Can fiction help us make sense of the US election?

RASHMEE ROSHAN LALL November 3, 2016
Republican presidential candidate Donald Trump speaks at a campaign stop at UW-Eau Claire's Zorn Arena in Eau Claire, Wis., Tuesday, Nov. 1, 2016. (Dan Reiland/The Eau Claire Leader-Telegram via AP)

Republican presidential candidate Donald Trump speaks at a campaign stop at UW-Eau Claire’s Zorn Arena in Eau Claire, Wis., Tuesday, Nov. 1, 2016. (Dan Reiland/The Eau Claire Leader-Telegram via AP)

By this time next week it will all be over, or the 2016 US presidential election will have spun off into entirely uncharted territory — a slender, contested result, calls for a recount, a refusal by millions of people to accept the outcome. But if fiction, as bestselling writer Stephen King once said, is the truth inside the lie, this election season has been particularly rich.

Perhaps because both main party candidates were so unusually well-known, and one was simply bizarre as a presidential nominee, it is fiction that has been used to understand the rip currents tugging voters this way and that.

Consider this. In its October 31 issue, the last before Election Day, the fussy and precise New Yorker magazine turned to a writer of historical fiction to tell Americans and everyone else what we should be thinking and feeling about the 2016 race for the White House.

Thomas Mallon, a well-regarded novelist who has previously written on the drama and dark comedy of Watergate and the Nixon presidency, took up the challenge. Mallon’s most recent offering covers the Reagan years and for a fictional portrayal of the 2016 campaign, he came up with a loathsome if compelling idea.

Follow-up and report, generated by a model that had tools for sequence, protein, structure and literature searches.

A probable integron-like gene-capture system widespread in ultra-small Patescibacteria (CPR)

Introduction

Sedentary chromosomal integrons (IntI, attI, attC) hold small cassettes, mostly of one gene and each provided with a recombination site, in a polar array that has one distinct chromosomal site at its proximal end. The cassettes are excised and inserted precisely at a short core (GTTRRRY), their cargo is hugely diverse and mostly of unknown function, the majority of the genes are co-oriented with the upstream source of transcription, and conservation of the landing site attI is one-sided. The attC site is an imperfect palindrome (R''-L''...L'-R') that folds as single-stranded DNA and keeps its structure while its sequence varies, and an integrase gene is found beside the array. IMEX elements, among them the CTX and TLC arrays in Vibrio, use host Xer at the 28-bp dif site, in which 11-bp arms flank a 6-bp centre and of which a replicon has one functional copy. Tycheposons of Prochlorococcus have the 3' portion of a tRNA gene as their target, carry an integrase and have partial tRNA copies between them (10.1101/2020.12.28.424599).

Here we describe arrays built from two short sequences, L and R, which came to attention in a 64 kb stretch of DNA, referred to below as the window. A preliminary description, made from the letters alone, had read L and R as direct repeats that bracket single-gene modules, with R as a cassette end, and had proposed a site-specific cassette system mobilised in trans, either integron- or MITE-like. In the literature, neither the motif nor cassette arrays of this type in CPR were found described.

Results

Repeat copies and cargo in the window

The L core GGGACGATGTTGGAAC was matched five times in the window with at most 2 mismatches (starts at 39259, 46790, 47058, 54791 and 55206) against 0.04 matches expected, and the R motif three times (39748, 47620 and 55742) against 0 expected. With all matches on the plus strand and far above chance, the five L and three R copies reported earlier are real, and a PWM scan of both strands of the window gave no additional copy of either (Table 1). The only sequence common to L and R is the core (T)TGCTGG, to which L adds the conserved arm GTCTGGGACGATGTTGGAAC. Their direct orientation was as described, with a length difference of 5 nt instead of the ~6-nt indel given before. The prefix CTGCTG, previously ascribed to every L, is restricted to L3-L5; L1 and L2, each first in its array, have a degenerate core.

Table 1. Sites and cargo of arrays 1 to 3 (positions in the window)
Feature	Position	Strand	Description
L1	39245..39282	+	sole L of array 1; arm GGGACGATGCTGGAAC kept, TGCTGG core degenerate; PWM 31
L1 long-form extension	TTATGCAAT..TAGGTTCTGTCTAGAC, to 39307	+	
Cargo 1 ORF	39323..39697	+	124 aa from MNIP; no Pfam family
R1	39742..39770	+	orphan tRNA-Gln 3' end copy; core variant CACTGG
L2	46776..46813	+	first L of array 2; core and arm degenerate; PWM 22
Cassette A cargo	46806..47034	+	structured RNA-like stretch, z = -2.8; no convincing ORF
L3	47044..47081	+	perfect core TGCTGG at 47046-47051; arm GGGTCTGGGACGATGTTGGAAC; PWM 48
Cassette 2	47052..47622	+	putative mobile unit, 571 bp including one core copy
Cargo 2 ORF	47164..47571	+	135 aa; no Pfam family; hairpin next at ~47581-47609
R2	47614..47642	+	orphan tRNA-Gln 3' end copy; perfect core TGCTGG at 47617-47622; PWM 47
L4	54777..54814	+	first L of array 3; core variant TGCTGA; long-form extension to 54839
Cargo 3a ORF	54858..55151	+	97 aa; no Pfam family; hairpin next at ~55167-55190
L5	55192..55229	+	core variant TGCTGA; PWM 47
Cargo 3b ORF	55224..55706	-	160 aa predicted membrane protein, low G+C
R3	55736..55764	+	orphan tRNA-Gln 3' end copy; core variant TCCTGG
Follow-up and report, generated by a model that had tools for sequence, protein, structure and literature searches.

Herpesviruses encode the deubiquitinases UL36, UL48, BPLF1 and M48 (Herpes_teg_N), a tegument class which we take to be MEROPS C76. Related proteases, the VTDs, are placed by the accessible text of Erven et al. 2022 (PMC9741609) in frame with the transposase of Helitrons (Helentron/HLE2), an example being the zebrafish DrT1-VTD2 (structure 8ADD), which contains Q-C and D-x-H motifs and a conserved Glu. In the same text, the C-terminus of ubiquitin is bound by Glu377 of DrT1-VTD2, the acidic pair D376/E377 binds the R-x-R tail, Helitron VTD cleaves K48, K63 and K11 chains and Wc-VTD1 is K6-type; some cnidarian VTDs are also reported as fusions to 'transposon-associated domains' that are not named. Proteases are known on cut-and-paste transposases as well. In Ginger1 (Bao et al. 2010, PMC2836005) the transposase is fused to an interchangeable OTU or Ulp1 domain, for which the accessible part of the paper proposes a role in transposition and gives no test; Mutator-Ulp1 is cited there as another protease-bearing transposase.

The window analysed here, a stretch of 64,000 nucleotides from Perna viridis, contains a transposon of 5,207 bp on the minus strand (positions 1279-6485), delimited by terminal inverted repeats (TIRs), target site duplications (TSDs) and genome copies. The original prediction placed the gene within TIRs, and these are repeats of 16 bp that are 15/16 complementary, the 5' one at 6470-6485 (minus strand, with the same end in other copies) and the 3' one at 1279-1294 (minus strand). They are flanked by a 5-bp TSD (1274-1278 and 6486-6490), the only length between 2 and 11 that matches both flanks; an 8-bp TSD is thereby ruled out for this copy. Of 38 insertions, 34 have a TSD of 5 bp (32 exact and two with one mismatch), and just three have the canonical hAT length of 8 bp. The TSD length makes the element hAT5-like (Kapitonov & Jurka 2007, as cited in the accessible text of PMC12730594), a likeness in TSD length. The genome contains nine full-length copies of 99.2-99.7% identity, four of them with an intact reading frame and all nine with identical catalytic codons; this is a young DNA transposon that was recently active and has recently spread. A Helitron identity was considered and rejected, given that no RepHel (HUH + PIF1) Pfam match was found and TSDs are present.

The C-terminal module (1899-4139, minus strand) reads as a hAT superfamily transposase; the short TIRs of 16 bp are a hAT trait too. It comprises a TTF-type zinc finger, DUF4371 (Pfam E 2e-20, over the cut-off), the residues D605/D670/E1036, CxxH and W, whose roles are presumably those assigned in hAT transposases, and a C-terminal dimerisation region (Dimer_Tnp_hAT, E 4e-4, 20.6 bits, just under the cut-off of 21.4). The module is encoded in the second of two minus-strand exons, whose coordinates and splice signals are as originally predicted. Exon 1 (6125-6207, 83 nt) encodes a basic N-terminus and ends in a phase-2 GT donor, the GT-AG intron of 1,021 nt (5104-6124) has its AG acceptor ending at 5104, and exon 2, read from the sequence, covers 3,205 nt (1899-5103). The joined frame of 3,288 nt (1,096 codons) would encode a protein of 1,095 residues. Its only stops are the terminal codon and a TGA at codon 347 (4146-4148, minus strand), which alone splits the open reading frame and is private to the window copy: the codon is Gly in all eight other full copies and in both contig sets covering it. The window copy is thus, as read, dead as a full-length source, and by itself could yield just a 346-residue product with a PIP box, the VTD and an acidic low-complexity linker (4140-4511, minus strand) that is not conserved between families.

He chose a likely title Presumptive, not only to indicate that Hillary Clinton and Donald Trump were once duking it out within their respective parties to become the presumptive nominees, but also because of “its suggestion of presumptuousness”. For good measure, Mallon explained that “presumptive” satisfyingly echoed consumptive, thereby “suggesting an occupational disease that devours the body and spirit”. In other words, both Mrs Clinton and Mr Trump are profoundly sick to be running for high office.

Discounting the fact that Mallon actively dislikes Mrs Clinton and is a disgruntled Republican disgusted by his party’s choice of Mr Trump, the fiction-writer’s perspective could be one way to understand the psycho-drama that is this political season.

In the event of a Clinton win, would it really be true as Mallon writes that “Clinton will be as depressed as Nixon was the night of his landslide victory over McGovern, in 1972?” He says, “After winning, her fraud complex, the curse of the compulsive achiever, will kick in, and she will be bitter over the perception that she owes her victory to the mutant candidacy of Trump.”